While perhaps ill-advised because she did not consult with the parties first, the trial judge simply sought general information regarding whether a court-appointed CRC would be a workable option to help the parties resolve their dispute. And importantly, the trial judge ultimately allowed the Defendant’s proposed expert to examine the Plaintiff again, even though the matter had been pending for almost four years. In sum, the trial judge’s conduct throughout these proceedings would not give a person of ordinary prudence reason to question her impartiality.
Justice Page dissented
Regardless of her motive, the trial judge undertook an independent investigation of disputed facts by telephoning the director of the program at the University of Tennessee and inquiring about credentials of CRCs, contrary to the Code of Judicial Conduct. Id. at Canon 2.9(C) (“A judge shall not investigate facts in a matter independently and shall consider only the evidence presented and any facts that may properly be judicially noticed.”). The majority acknowledges that the trial judge’s actions constituted ex parte communications and an independent investigation. This is exacerbated by the fact that the conversation was held off the record, and the parties did not know the full content of exactly what was said. As noted by Judge Dinkins’ concurring opinion, by engaging in ex parte communications with the professor “without the knowledge or consent of the parties, the court was not only denied the opportunity to create a record of the purpose fornthe call prior to it being made, but the parties were denied the opportunity to preserve an objection.” Holsclaw, 2016 WL 7364901, at *9 (Dinkins, J., concurring).
While there was no record evidence of actual partiality, appearances matter
While I acknowledge that the question of recusal is close, I have concluded that a line was crossed in this case and that the conduct in question created an appearance of impropriety. I have also concluded that communication of the type in this case wherein a trial judge has an off-the-record ex parte discussion with an individual whose advice could have potential impact on the trial court’s decision-making process would, in most cases, create an appearance of impropriety.
The South Dakota Supreme Court affirmed a fourth-degree rape conviction
Approximately one month before [defendant] Shelton’s trial, his attorney moved to withdraw from the case. Shelton’s former cellmate came forward with information that Shelton confessed to him that Shelton had committed the rape. The attorney represented both Shelton and the former cellmate. Due to the conflict, the court allowed the attorney to withdraw and appointed a new attorney to represent Shelton. A week later, the circuit judge overseeing the matter sent a letter to the new attorney disclosing that the judge’s ex-wife is a partner in the new attorney’s law firm and that this was a potential basis for disqualification. The judge stated:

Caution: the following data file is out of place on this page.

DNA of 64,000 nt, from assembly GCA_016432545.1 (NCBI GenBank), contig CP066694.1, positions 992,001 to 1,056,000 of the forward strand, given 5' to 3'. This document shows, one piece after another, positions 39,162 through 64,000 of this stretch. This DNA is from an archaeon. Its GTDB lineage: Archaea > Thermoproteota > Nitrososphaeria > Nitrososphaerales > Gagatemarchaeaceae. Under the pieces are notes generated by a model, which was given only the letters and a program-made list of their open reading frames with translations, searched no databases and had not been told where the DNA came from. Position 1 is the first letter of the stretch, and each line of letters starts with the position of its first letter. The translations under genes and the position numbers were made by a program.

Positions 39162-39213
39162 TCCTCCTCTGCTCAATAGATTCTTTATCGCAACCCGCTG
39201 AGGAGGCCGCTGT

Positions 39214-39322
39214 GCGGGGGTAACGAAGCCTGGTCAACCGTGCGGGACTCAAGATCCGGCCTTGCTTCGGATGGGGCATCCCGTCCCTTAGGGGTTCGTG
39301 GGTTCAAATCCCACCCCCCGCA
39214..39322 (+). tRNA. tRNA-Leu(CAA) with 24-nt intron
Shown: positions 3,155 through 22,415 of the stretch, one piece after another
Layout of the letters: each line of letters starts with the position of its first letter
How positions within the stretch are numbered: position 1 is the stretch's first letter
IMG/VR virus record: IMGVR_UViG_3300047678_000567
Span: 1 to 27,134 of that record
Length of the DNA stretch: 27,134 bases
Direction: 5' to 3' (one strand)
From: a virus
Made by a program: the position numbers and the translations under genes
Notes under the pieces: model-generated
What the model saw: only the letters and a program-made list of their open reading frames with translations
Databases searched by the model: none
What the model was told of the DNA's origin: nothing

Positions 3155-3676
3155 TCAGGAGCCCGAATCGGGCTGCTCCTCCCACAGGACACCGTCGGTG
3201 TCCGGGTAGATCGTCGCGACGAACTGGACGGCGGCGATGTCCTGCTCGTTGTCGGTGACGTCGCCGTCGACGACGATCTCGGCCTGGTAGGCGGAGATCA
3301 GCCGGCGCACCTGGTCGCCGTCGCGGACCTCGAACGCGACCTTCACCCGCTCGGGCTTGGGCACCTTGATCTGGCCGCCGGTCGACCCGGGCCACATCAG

You are now advised that I will disqualify myself from this proceeding, and another judge will be assigned to hear this case, unless you and your client agree in writing that I should not be disqualified, and that I may continue to preside over this action.
A written agreement waiving disqualification was not provided and there was no further mention of the issue in the record. Nevertheless, the same judge continued to preside over the trial.
The court concluded that the judge erred in failing to recuse but
In upholding the conviction in this case, there is little risk of injustice to the parties. Initially, Shelton does not argue that the judge was biased or prejudiced against him in any way. Instead, Shelton erroneously argues that the judge lacked jurisdiction to proceed in the case, and as a result, the judgment of conviction was void. A thorough review of the record does not reveal any evidence of partiality. Further, it is not alleged, and it does not appear from the record, that the judge’s ex-wife had any involvement in the matter. And while Shelton argues that in his experience, “an overwhelming majority of divorce cases have at least some level of animosity[,]” none was shown here...
There is also little risk that denial of relief would produce injustice in other cases. Unlike the situation presented in Liljeberg, where the judge failed to disclose the potential basis for disqualification to the parties, the judge in this case upheld his ethical obligations under the Code of Judicial Conduct and made a full disclosure. The judge sent a letter to Shelton’s counsel informing him of the potential basis for disqualification and filed the letter in the record. Although the judge erred by continuing to preside over the matter absent a waiver, Shelton compounded this error by failing to raise it.
The court held that the error was harmless. (Mike Frisch)
The South Carolina Supreme Court permanently debarred an attorney
The numerous charges against Respondent Heather Mary Boone McKeever in this disciplinary matter include the unauthorized practice of law, improper fee arrangements, false statements before the court, and attempting to intimidate a former client. Because McKeever failed to answer the formal charges against her and failed to appear at her hearing before the Commission on Lawyer Conduct, she is in default and the charges against her are deemed admitted. The only matter before the Court is determining the appropriate sanction for McKeever's misconduct. At the hearing before this Court, McKeever offered no mitigating evidence or explanation for her conduct. Because of her pattern of abusing the judicial process, masking her misconduct, and, perhaps most troubling, attempting to intimidate a former client through meritless lawsuits, we find it appropriate to permanently debar McKeever in this state, order her to pay the costs of the investigation and subsequent proceedings, and other sanctions as will be described herein...